Dec 152011
 

After 35 minutes, your statistical shot at survival drops to just 27 percent

 
Fifteen minutes. That’s how long the American Avalanche Center gives you for a good chance at survival if you become buried in an avalanche. At that point, you are essentially helpless and entirely reliant on the other members of your group. They can’t see you and they probably can’t hear you. Within those 15 minutes, they must figure out where you’re located in the huge mass of snow and debris, and dig you out. After 35 minutes, your statistical shot at survival drops to just 27 percent.

Avalanche safety has long dictated that you don’t go into avalanche terrain without the big three: avalanche beacon, probe and shovel. The beacon is used to find a buried victim’s general whereabouts; the probe is used to find a specific location under the snow so that digging can be focused; and the shovel does the digging.

While there’s no replacing those backcountry essentials, they’re not exactly foolproof, either. Rescues can be complicated by factors like multiple burials and rescuers’ unfamiliarity with actually using their gear in real-world scenarios. With the unforgiving time frame, a victim needs every small advantage he can get.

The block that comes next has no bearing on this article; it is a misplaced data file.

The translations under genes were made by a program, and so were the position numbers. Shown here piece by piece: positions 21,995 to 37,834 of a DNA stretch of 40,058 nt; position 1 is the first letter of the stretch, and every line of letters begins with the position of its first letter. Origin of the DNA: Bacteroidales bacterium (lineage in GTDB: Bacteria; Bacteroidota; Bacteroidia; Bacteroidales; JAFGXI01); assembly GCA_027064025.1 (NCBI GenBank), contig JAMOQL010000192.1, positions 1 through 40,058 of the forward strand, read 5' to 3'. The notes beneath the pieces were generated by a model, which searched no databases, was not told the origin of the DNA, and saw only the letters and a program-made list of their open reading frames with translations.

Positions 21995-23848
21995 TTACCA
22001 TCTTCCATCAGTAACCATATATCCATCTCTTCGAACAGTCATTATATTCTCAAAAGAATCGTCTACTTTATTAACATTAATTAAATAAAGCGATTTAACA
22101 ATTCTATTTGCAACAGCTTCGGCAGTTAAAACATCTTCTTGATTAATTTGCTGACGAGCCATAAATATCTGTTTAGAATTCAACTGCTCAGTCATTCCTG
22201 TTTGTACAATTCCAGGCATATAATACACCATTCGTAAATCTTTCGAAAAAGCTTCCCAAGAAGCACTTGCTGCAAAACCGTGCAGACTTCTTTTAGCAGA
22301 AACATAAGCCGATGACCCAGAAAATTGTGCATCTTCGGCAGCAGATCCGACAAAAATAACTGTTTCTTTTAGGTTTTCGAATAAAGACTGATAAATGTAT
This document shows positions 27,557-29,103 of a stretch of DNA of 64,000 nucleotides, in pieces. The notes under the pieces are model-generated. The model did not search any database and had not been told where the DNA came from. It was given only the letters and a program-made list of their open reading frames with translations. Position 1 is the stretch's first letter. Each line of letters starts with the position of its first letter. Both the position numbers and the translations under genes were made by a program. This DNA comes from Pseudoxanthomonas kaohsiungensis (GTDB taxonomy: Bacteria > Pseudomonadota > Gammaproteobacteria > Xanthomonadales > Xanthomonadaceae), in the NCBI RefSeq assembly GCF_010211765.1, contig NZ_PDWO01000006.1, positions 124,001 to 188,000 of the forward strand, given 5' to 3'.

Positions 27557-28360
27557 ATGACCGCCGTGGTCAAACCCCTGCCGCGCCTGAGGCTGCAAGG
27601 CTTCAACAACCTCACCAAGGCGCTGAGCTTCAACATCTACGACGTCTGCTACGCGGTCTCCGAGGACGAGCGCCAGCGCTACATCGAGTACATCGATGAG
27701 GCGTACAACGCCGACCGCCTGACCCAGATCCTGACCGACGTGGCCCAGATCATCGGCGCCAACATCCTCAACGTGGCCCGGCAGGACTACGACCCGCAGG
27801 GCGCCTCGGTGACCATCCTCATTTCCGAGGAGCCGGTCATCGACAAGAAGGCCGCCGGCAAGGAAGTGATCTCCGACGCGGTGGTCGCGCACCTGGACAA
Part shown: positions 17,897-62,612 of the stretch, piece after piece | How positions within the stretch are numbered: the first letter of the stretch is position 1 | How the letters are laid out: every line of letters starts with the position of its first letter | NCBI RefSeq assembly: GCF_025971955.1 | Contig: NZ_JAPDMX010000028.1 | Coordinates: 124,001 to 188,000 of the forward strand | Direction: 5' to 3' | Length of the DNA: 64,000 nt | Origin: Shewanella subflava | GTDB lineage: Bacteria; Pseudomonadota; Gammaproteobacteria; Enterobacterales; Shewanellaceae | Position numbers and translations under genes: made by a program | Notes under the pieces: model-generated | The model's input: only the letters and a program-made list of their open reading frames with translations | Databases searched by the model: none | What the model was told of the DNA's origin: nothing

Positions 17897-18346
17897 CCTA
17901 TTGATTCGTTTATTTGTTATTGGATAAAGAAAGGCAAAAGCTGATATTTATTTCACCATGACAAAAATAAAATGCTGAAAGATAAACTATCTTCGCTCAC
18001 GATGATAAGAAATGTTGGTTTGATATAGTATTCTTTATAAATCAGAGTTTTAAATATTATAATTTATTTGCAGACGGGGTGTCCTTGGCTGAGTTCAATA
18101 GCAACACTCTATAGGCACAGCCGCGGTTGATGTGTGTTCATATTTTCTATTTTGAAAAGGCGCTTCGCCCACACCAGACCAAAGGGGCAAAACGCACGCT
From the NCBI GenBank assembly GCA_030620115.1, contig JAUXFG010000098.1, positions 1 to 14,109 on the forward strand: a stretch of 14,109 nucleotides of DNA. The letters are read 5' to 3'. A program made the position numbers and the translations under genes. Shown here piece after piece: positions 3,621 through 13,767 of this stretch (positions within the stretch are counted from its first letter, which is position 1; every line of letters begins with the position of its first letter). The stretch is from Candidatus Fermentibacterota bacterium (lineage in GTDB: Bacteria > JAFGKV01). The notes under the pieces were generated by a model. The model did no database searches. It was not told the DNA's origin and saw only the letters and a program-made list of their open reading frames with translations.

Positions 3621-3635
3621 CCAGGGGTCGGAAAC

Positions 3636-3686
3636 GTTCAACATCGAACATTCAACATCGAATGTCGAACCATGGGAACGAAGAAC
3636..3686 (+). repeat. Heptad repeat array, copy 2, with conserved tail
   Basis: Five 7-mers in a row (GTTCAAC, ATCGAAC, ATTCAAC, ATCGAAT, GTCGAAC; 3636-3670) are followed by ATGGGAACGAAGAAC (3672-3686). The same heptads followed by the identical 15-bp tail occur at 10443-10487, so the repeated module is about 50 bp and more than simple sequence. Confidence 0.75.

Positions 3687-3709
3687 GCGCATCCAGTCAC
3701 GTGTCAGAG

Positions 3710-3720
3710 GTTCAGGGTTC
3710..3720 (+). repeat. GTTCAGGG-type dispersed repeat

One advantage has been derived from a fourth piece of gear. Long popular in Europe, but only now gaining acceptance in other markets like North America, avalanche airbags are backpack-based inflatables that help to keep you on top of the avalanche and prevent burial. Some even inflate around the head and neck to prevent injury from trees, rocks and other dangers. If you’re not fully buried, you’ll be easier to find and less likely to suffocate.

The problem with avalanche airbags is that they’re flat out expensive. They cost in the upper three figures to lower four figures, potentially several times what you’ll pay for the three other avalanche gear items combined.

A new system from Swiss brand Rotauf is similar to the avalanche airbag, but much smaller and less expensive. The MRK5 is an inflatable device that weighs in at a mere 150 grams (5.29 oz) and measures 3 x 5 x 13 cm (1.18 x 1.97 x 5.12 in). Unlike avalanche airbags, which are built into dedicated backpacks, the MRK5 is small enough to be integrated into existing gear, such as jackets.

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